Arts and Crafts, Victorian, Pre-Raphaelite, Medieval decorative and reproduction tiles. William Morris, William De Morgan, Morris & Co. designs

William Morris Tile: Volsung Saga, Birds and Betrayal Tile

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Birds and Betrayal: William Morris in Iceland

A tile based on the cover of the Kelmscott Press Story of the Sigurd the Volsungs and and the Fall of the Niblungs, cover design by William Morris and Philip Webb.

William Morris Story of the Volsungs and Nibelungs cover, designed by William Morris and Philip Webb

In 1871, as talk of Jane Morris's affair with Dante Gabriel Rossetti intensified, her reputation in 19th century London grew increasingly at risk. Morris himself was very in love with his wife and to protect her reputation, he invited Rossetti to move into their home. While Rossetti took up residence in their home at Kelmscott Manor, Morris himself traveled to Iceland, leaving in July. His journal entries and letters home during that time are very moving.

While in Iceland, with Eirikr Magnusson, Morris translated the Eddas, writing The Story of the Volsungs and Niblungs, an epic poem of over 10,000 lines that deals with love and betrayal. It tells the story from the Volsung Saga and Elder Edda, of the Norse hero Sigmund, and his son Sigurd (Siegfried in Wagner's Ring of the Nibelung).

The bird detail draws on an important passage in the tale. After killing the dragon Fafner with a sword made by his friend Regin, Sigurd takes a taste of Fafner's blood. Having done so, he suddenly understand the birds warning him of the pending betrayal by Regin: There lies Regin, who wants to betray the one who trusts him. Sigurd drew his sword and cut off Regin's head.

The story is not a sad love triangle, but a tragic love quadrangle. Rossetti met Jane first, Morris was the tag-along friend. Morris was an after-the-fact love, but not the long-suffering sort. He was diabetic and his rages were well-known. I find much of his writing sentimental, even by 19th century standards, but his emotions were dialed high for physical as well as emotional reasons. Moreover, his older daughter Jenny had seizures due to epilepsy, and he blamed himself and his bloodline.

Birds and Betrayal based on cover design by William Morris and Philip Webb for The Saga of the Volsungs and Niblungs, dark blue. Birds and Betrayal based on cover design by William Morris and Philip Webb for The Saga of the Volsungs and Niblungs, white on deep wine red. Birds and Betrayal based on cover design by William Morris and Philip Webb for The Saga of the Volsungs and Niblungs, dark blue on white. Birds and Betrayal tiles in green on white colorway. Birds and Betrayal based on cover design by William Morris and Philip Webb for The Saga of the Volsungs and Niblungs, green and gold on white. Birds and Betrayal, William Morris design. Red earth on cream colorway.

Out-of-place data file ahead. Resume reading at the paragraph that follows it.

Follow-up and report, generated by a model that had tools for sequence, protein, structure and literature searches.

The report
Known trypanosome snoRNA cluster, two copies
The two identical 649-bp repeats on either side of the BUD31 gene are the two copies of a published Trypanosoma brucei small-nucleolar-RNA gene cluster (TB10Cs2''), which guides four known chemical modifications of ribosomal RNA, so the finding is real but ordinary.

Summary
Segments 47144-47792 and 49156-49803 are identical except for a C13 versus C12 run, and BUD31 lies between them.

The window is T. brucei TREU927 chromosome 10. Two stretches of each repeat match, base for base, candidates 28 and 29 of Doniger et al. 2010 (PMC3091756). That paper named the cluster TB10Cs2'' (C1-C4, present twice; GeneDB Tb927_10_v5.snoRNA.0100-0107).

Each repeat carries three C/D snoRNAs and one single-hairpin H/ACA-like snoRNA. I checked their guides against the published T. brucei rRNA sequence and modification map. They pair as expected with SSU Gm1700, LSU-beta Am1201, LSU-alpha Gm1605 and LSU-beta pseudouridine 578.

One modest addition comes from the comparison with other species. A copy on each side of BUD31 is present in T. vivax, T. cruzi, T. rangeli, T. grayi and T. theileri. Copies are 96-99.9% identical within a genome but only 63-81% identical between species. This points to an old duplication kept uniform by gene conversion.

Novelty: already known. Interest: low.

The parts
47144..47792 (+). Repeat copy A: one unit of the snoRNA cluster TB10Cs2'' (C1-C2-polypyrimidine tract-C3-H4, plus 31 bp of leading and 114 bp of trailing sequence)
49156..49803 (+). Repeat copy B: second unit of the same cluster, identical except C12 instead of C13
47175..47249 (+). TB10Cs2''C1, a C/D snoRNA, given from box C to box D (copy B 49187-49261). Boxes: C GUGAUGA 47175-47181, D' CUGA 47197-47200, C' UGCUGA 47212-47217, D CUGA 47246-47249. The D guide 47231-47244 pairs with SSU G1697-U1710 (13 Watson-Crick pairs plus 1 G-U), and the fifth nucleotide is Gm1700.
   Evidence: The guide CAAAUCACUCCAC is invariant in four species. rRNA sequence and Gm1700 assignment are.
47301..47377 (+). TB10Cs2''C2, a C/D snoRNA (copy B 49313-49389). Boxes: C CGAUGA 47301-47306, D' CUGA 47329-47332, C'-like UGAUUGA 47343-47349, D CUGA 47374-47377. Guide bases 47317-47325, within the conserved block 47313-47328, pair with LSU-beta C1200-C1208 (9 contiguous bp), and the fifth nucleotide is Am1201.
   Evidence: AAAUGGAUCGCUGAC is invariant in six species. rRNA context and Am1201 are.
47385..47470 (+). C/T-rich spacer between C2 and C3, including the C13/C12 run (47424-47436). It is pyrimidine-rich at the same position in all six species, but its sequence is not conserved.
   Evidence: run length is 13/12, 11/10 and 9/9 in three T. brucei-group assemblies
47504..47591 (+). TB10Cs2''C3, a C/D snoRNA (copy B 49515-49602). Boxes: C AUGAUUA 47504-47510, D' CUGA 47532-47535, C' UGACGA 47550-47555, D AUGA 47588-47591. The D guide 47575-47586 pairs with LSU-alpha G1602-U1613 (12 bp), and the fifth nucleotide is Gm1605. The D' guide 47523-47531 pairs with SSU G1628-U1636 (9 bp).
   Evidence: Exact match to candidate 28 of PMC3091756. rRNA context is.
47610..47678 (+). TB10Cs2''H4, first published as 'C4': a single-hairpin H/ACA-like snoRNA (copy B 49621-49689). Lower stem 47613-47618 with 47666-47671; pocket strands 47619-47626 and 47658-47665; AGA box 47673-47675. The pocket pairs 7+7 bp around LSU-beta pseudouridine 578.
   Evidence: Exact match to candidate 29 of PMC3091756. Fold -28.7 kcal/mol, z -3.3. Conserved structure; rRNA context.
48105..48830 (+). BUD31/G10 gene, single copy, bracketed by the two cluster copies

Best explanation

Rossetti is not the two-dimensional cad you might think -- in his letters, he confides that he wanted to marry Jane himself but was already in a committed relationship with Elizabeth Siddal who, like Jane, came from working class roots before being identified as a "stunner" by the second wave of Pre-Raphaelites. Rossetti made the "honorable" choice, and did not abandon Lizzie, a gifted writer and artist in her own right; an intelligent equal in the relationship with Rossetti. Yes, there was another more honorable choice, but it's easy to judge from a hundred and fifty years down the road. As Jane and Rossetti's relationship was no secret, Lizzie Siddal also lived with the knowledge that she was a second-choice love. Lizzie had health issues eventually died of an overdose of laudanum. It's hard to blame her.

Rossetti spun crazier and crazier and Jane had concerns about the welfare of her children. She eventually cut him off, but that was several years later. And she was still living with her second-choice love, the genius William Morris, beloved and admired by all the world, but not the fairy tale ending she might have hoped.

Both the background and foreground colors on this tile can be changed easily -- it is available in both 6 and 8 inch ceramic.

Application: These tiles are suitable for interior use and can be installed on walls, backsplashes, showers, and fireplace surrounds.

    Title: William Morris Volsungs Saga: Birds and Betrayal Tiles

    Tile: Ceramic

    Size: 6 inch or 8 inch square tiles

    Thickness: 3/8 inch (1 cm)

    Colors: Both pattern and background can be modified. See How to Order Tile.

    Availability: Can usually be shipped in about a week.


    6 inch square tiles: $55

    8 inch square tiles: $92

    Availability*: Birds and Betrayal tiles without custom work (see How to Order Tile for what that means)ship fairly quickly, within a week or so.